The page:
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Join the Great British Bee Count and help save our bees

When she's not writing, Claire Gillespie can most often be found wiping snotty noses, picking up Lego, taking photos of her cat or doing headstands.

Friends of the Earth Bee Cause is fighting to improve the prospects of British bees

From SheKnows UK
The bees of Britain need our help. The loss of their natural habitat means they are dying out fast — in the past 60 years U.K. bees have lost 97 percent of their grassland homes and 20 U.K. bee species are already extinct. But thanks to Friends of the Earth we can all help to save our bees.

Bees provide an incredible free service by pollinating 75 percent of our crops worldwide, including apples, strawberries and tomatoes. If we didn't have bees U.K. farmers would have to pay £1.8 billion a year more to pollinate crops by hand.

The Friends of the Earth Bee Cause is campaigning to improve the prospects for British bees. In November 2014 the U.K. government launched the Bee Action Plan (official name the National Pollinator Strategy), which promises planning guidance to local authorities about helping bees, greater emphasis on the importance of protecting wildflower meadows and acknowledges the need to minimise the risk of pesticides.

Video credit: Friends of the Earth (England, Wales and Northern Ireland)/YouTube

More: Attracting wildlife to your backyard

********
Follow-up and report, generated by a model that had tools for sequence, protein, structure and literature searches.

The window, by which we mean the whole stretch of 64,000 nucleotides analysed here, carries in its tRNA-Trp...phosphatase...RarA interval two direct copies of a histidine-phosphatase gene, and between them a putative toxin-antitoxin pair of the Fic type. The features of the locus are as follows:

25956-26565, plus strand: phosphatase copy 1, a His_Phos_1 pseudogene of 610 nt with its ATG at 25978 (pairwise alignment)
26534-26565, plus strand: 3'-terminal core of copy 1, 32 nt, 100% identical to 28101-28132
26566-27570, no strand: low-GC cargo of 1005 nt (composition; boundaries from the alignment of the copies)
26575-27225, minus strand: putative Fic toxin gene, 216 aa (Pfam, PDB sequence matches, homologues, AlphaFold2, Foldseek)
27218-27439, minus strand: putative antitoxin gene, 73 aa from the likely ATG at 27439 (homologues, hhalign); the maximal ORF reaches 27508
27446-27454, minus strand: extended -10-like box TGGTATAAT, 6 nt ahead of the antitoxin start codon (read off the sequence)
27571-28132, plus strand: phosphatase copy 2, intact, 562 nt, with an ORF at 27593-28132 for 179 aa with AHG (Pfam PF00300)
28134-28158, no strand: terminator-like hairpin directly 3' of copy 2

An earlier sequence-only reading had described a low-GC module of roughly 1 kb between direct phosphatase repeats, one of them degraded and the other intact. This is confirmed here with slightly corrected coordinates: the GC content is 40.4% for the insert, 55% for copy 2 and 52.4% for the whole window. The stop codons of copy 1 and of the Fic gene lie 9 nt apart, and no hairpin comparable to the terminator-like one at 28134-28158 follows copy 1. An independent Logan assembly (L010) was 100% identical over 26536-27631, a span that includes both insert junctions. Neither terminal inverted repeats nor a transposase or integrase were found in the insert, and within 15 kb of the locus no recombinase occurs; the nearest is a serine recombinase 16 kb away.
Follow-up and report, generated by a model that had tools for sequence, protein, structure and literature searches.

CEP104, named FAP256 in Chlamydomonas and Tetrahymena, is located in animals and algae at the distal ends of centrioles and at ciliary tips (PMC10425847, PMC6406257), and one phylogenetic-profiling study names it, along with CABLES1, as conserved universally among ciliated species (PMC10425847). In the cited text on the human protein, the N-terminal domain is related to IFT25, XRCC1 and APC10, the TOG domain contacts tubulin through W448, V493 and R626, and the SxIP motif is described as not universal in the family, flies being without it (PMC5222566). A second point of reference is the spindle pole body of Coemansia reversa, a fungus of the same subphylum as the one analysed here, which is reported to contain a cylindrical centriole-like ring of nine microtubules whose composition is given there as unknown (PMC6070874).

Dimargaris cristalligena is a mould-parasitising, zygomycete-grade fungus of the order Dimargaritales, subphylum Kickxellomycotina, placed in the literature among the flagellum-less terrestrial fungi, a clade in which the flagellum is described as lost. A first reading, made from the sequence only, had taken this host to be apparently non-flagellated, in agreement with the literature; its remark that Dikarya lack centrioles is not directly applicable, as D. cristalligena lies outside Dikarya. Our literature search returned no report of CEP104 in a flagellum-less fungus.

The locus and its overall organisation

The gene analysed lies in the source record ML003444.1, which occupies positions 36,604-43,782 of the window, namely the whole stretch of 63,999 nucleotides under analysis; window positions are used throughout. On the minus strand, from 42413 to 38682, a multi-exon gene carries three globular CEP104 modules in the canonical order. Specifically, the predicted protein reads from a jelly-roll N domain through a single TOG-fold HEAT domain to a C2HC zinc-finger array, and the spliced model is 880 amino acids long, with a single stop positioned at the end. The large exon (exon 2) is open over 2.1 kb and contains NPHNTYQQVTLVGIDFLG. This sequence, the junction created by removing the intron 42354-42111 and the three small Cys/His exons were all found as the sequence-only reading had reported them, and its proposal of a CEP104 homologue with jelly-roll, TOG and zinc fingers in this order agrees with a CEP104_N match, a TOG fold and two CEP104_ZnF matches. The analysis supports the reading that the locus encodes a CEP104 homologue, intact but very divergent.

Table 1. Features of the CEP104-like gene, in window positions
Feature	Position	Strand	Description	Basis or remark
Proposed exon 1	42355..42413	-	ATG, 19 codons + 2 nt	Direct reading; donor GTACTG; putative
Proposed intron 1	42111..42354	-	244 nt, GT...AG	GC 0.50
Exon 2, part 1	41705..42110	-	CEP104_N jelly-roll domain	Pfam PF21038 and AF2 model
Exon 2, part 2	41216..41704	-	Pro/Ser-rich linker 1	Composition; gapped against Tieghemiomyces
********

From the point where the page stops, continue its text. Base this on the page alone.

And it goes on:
Many local authorities are creating habitat for bees on council-owned land, such as parks and other green spaces. Leicester City Council has created wildflower areas in the city's parks and a special Bee World wildflower meadow with Leicester Friends of the Earth, giving residents 10,000 sample packs of wildflower seeds to sow in their gardens and local primary schools seeds for sowing in their grounds.

Several U.K. councils are also reducing their use of pesticides, especially neonicotinoids which are known to be particularly harmful to bees, and taking measures to help bees thrive in new developments, such as Welwyn Hatfield Borough Council, which requests that developers plant tree species that benefit pollinators.

However there's still a lot of work to be done. Friends of the Earth wants the government to provide support to all farmers to help save bees and rule out pesticides that threaten pollinators.

So, if you care about our native bees, here's what you can do to help protect them:

  • Take part in the Great British Bee Count. Download the free app and use it to record every time you spot a bee in May: in your garden, allotment or local park.
  • Take a photograph of each bee you see and upload it to the app. This helps bee experts identify the bees and compile statistics on the numbers of bee species. Oh and try to photograph the bee's bottom — apparently this is the easiest way to identify what type it is.
  • Donate to the Friends of the Earth Bee Cause and receive your own Bee Saver Kit, which includes wildflower seeds and a guide to identifying the bees you see.
  • Create a Bee & Bee (a bed and breakfast for bees) with the nesting space, food and water bees need to thrive.

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